It’s all about the delta T. You mention the design temperature in Fort Worth, TX being 98F; but what if the attic temps are more like what the previous graphs show (more like 130F)? The ceiling design temp should be the greatest attic temp delta T, not the ambient air temps. The closer you can get the max attic temp swings to ambient, the better – but it is really hard in existing housing stock – especially when the existing roofing surface is nowhere near needing replacement. I’m still experimenting with “directed cooling” of the roof deck underside (which I suspect is what is truly happening with the radiant barrier products), but I’m liking the results so far.

    1. @DCE, that first graph shows
      @DCE, that first graph shows shingle temperatures. The air below will be considerably cooler. And within the attic, the temperature will be hotter up near the ridge than at the top of the insulation, which is all that matters when it comes to the ceiling delta-T. And finally, the attic air temperature isn’t the whole story. A large portion of what ultimately gets conducted to the room below is driven by radiant gains.

      I agree it can be difficult to fix poorly insulated and sealed ceilings in existing homes. But it can be done. The worst offenders are bonus rooms and Cape Cods with clipped ceilings and knee-walls. The key there is to achieve six-sided encapsulation on the knee-walls (e.g., close off the backs), and block the ends of the floor joists under the knee walls.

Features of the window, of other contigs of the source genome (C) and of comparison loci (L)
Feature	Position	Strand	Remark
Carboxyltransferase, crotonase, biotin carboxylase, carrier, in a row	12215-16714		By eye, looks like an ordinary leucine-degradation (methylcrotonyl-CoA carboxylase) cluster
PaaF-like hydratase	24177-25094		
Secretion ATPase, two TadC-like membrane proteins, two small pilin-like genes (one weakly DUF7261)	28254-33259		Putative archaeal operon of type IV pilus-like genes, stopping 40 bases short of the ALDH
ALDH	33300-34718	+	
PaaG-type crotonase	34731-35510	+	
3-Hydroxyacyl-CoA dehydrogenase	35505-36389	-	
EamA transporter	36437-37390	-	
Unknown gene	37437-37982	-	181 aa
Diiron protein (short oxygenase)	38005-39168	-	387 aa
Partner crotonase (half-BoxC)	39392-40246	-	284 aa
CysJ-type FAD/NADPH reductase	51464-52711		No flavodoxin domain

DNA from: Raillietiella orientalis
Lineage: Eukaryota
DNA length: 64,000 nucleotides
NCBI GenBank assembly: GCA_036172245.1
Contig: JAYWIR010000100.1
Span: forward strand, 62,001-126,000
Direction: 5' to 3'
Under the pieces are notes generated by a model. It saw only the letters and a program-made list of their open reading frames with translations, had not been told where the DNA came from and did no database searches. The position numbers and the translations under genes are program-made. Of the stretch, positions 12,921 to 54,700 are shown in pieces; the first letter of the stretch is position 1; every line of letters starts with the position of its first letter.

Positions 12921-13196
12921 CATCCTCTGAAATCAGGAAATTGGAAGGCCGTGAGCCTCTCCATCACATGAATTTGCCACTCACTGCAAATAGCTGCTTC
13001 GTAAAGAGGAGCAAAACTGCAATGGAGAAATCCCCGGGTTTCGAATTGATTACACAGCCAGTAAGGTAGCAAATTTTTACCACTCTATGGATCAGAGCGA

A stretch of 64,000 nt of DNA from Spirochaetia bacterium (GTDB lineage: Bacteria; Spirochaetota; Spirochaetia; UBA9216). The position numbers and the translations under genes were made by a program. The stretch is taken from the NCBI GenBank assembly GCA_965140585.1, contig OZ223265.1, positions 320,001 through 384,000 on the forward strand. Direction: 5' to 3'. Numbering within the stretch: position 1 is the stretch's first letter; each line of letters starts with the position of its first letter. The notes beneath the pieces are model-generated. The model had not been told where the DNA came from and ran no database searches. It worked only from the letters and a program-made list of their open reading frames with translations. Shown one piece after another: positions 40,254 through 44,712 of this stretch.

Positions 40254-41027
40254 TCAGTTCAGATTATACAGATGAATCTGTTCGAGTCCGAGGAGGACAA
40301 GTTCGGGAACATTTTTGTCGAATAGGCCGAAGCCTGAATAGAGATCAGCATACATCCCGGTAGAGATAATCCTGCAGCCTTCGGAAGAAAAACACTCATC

1. Hello.
        I attended a seminar from Yellow Blue company (that’s their real name)
        They talked about saving heating and cooling bills by installing solar attic fan (SAF) and multi layer insulation (MLI), both at 4000.

        Their website is

        Is this a good idea to have them both installed?


  3. I am trying very hard to
    I am trying very hard to simply accept the science from an expert in this case. However, as a very old builder (70+ years), I have known cases where roof mounted attic fans have helped tremendously where the roof is a full hip and the ratio of ridge vents to soffit vents was way out of whack. We closed off (eliminated) the ridge vents and installed powered vents on thermostats. We were able to drop the attic temperature by more than 20 degrees. This greatly decreased the 11 o’clock PM heat beating down into the top floor bedrooms that was keeping the A/C going full blast. Where is the flaw in my assessment?